I would structure the issue tree more as a logic/criteria that has to be met for the decision to make sense, rather than buckets of data to look into.

IE: decision is sensible if 1) economics are viable, 2) capapbily to execute exists or can be acquired, and 3) risks are minimal or can be mitigated.

Economic viability means that the additional value the client could generate over it's investment horizon would have to significantly outweigh the up front investment costs, therefore i would structure this with a logic criterion as follows:

[Incremental Annual Profit] x [Investment Horizon] >> [Investment Costs]

You can then break down profit into it's numerical drivers (revenue and costs), and then map quantitative and qualitative data to perform the required calculations. For this scenario, it is likely that the lever will be on the cost side, and cost savings associated with not having to transport products from Europe to the US/China or pay for import tarifs etc, but there may also be an impact on revenue if you can alter pricing given your costs may change - this data would have to be requested and evaluated throughout the case.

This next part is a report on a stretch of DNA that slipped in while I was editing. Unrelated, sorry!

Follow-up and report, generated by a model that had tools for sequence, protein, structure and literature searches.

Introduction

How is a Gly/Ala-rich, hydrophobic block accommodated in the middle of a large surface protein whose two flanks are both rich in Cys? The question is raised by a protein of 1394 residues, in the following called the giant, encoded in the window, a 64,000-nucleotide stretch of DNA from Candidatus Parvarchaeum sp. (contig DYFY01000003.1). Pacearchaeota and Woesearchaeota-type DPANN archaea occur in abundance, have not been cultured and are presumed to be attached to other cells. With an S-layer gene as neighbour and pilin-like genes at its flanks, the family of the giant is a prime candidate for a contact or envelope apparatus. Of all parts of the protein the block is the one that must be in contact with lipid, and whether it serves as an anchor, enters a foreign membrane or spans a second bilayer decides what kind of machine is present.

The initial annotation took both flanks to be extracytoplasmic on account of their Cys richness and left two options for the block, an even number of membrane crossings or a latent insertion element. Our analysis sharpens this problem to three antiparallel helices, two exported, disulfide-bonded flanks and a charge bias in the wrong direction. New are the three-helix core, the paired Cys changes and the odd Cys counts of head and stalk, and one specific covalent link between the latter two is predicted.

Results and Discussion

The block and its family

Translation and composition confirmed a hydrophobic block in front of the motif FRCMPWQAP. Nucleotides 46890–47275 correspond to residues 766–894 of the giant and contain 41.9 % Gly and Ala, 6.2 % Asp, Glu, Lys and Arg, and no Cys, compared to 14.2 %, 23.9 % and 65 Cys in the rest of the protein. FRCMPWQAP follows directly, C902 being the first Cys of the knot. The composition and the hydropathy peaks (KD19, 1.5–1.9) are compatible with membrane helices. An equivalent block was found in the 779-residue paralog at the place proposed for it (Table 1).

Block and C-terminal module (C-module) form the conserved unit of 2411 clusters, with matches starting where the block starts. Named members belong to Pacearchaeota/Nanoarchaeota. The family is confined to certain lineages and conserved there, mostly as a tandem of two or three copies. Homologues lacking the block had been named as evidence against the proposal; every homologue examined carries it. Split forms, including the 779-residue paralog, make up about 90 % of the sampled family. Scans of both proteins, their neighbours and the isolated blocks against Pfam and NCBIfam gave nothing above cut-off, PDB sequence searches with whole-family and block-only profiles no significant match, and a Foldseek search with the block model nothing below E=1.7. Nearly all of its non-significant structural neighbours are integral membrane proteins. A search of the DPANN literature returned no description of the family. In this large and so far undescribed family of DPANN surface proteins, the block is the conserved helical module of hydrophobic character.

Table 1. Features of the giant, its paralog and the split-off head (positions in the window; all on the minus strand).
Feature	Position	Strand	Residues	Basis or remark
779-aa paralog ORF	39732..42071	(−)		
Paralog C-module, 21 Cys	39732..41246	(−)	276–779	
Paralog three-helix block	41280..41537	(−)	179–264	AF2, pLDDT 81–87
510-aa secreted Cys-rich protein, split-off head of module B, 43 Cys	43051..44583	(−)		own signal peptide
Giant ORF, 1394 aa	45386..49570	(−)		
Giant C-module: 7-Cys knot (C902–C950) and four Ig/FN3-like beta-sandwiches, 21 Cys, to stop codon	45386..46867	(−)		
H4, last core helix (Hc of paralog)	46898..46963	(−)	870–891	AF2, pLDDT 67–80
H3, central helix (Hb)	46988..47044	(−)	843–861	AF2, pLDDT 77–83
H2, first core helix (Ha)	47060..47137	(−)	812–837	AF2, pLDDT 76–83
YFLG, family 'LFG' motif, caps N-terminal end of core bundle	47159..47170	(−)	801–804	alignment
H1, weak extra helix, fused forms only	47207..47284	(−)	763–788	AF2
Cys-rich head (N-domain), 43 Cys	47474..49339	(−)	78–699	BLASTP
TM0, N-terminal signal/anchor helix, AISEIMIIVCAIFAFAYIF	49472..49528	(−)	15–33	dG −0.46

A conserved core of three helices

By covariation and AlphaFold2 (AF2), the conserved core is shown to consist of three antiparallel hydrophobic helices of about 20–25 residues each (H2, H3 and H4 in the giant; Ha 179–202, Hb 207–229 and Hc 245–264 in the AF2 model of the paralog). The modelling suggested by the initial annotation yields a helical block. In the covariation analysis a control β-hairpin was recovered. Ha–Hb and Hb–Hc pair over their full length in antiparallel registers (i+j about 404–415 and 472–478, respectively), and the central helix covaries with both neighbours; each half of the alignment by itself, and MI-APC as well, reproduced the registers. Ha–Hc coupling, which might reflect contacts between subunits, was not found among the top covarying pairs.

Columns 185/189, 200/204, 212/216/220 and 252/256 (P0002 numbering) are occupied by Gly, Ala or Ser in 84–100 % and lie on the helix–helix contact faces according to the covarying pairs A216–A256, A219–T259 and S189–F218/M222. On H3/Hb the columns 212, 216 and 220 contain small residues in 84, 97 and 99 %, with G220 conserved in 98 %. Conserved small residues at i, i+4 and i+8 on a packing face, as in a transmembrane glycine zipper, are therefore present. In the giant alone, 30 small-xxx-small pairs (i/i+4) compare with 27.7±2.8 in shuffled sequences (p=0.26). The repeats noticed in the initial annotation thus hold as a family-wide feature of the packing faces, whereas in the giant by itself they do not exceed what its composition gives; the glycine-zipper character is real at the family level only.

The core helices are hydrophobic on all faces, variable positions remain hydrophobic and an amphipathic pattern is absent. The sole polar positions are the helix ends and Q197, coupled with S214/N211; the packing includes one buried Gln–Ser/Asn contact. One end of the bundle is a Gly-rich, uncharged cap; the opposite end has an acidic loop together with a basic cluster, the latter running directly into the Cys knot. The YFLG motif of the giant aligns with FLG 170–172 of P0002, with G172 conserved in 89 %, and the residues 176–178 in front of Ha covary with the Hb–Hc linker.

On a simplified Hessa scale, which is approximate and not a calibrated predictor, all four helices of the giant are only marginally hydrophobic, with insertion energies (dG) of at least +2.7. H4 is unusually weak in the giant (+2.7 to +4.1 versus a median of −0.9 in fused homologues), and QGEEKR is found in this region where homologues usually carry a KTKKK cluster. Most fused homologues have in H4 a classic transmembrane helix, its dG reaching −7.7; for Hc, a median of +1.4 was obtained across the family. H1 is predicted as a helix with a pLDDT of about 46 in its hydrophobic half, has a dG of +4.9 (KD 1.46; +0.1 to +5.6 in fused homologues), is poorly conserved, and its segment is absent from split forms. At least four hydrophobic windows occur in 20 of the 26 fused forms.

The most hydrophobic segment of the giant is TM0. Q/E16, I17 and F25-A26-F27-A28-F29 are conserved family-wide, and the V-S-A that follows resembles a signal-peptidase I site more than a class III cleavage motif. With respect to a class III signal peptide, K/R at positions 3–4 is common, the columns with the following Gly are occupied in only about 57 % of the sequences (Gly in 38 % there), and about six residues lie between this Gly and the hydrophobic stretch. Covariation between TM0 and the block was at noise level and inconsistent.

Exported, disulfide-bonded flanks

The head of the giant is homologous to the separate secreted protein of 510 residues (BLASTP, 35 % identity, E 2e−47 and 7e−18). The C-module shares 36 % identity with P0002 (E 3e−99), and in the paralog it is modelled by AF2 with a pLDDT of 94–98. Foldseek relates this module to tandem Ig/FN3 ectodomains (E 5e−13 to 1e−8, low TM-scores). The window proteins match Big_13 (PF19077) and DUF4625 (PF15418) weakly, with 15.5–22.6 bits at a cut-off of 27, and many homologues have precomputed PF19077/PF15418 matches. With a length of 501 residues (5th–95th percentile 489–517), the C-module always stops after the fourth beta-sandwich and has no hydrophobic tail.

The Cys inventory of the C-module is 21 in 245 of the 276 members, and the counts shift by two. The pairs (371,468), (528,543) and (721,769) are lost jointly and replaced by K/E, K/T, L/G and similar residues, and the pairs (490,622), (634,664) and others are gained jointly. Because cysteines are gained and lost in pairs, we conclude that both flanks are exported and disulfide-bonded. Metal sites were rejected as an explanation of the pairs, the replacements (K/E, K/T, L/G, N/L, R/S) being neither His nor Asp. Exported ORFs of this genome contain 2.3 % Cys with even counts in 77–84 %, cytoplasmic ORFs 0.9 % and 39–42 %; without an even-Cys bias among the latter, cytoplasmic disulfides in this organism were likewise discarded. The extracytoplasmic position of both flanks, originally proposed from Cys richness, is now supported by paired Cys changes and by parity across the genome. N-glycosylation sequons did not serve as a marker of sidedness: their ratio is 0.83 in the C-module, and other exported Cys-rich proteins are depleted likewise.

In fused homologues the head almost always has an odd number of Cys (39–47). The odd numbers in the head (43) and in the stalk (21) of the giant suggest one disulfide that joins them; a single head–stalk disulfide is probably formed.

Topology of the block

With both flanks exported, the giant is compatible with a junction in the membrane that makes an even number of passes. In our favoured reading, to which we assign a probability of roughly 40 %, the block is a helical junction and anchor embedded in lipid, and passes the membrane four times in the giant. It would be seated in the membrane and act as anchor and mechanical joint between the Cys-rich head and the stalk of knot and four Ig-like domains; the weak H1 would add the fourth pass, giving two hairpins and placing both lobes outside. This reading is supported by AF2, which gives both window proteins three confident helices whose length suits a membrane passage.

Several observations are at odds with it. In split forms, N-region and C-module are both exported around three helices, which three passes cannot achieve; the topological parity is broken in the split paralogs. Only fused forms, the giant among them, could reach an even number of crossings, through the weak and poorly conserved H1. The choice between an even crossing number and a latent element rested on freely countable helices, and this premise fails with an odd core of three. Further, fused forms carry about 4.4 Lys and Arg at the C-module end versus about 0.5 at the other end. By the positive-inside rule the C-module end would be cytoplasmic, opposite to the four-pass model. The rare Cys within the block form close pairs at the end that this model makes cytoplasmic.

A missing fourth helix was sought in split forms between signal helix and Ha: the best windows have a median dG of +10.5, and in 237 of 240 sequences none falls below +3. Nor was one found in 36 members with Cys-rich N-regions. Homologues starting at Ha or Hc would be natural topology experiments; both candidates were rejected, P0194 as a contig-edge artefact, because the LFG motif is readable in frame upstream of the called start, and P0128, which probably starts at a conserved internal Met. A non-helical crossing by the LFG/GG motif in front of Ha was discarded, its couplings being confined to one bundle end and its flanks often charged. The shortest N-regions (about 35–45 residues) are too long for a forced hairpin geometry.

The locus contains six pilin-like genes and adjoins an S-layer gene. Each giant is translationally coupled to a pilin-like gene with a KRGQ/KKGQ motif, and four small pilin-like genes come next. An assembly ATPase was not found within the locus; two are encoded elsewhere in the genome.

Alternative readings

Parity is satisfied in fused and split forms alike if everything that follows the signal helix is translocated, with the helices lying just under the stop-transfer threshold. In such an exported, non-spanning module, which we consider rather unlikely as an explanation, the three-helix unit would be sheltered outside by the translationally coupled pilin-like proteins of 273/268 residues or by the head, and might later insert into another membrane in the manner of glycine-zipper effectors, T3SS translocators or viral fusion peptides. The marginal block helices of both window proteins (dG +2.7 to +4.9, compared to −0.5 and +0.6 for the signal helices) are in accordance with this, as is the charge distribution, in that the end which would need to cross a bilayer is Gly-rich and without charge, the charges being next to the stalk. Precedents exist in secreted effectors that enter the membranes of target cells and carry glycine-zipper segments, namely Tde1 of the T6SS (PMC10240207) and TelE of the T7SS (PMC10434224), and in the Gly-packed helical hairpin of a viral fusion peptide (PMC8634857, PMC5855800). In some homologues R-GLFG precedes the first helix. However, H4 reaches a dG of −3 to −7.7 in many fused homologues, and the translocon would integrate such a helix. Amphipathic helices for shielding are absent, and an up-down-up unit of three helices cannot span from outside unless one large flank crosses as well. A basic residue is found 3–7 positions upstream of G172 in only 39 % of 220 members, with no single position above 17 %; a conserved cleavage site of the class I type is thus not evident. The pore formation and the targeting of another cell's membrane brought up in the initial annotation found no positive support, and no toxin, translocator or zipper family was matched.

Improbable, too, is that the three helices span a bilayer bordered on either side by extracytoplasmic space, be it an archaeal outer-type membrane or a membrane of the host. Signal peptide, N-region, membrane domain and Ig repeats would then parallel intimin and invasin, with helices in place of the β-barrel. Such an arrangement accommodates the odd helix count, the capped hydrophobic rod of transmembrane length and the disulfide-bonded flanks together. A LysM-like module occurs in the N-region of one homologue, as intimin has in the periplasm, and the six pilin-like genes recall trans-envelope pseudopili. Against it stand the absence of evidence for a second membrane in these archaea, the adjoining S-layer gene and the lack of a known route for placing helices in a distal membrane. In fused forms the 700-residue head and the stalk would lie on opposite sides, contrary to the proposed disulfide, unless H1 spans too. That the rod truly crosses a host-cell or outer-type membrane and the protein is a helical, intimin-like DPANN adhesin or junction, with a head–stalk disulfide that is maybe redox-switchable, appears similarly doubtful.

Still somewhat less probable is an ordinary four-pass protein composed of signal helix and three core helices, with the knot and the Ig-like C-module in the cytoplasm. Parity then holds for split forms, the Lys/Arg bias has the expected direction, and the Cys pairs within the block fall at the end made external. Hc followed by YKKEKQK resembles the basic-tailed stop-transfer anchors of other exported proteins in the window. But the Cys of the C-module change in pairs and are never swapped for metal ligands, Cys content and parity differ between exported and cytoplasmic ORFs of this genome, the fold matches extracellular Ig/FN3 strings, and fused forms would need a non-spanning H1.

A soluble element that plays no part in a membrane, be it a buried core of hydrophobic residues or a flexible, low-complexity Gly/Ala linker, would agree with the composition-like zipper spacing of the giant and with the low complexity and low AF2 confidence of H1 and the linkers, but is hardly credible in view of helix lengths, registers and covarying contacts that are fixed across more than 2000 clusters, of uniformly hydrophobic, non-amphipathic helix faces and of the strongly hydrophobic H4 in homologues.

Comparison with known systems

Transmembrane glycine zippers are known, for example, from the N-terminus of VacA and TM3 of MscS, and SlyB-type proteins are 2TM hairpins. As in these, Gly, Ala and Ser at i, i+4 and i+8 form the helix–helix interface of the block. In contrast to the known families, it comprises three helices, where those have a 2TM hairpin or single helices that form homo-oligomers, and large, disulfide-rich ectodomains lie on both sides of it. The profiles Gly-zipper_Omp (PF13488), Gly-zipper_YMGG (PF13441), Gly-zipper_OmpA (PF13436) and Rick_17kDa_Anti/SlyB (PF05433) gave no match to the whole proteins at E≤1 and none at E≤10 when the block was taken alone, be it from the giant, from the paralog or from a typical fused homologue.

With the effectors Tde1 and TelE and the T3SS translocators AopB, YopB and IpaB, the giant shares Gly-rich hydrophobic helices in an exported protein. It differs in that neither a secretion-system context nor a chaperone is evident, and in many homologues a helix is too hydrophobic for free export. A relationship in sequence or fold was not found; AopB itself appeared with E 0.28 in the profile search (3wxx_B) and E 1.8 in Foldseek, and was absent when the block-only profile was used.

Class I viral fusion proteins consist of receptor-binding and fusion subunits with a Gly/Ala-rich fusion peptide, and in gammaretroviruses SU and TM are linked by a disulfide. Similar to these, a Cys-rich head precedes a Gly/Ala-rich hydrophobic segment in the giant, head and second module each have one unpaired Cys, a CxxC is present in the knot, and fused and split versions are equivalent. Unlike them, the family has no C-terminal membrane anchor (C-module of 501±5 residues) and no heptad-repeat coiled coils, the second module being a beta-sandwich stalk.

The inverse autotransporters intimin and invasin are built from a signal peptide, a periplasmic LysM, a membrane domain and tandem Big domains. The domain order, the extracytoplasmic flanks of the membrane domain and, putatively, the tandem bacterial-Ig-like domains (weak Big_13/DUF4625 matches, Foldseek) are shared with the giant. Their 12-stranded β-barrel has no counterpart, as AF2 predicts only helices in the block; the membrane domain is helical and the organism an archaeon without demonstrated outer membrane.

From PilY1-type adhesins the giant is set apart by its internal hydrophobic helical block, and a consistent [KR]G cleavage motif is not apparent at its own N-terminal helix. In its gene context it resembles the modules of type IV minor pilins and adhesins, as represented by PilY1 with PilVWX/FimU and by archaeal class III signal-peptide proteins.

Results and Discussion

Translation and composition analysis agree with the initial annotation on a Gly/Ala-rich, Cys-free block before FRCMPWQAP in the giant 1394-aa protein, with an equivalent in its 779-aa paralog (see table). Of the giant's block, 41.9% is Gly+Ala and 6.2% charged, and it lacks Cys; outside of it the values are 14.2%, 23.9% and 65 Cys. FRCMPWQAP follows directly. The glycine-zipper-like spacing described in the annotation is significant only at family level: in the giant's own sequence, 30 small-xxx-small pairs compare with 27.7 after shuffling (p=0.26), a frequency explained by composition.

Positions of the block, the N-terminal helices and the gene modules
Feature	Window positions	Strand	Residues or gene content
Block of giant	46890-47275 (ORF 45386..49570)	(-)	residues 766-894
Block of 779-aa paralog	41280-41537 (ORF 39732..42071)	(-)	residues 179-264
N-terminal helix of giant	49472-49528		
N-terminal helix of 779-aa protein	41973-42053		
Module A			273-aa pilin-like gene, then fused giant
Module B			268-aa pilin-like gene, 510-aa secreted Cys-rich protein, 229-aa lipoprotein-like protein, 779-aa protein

At the start, I would just map out the logic tree/criteria to assess and provide examples of qualitative data that maps to the numerical driver tree.

Thanks!

You were trained by Sidi, weren't you? ;) — Anonymous B on Nov 17, 2019

hahaha, yes (s)he was — Anonymous C on Nov 18, 2019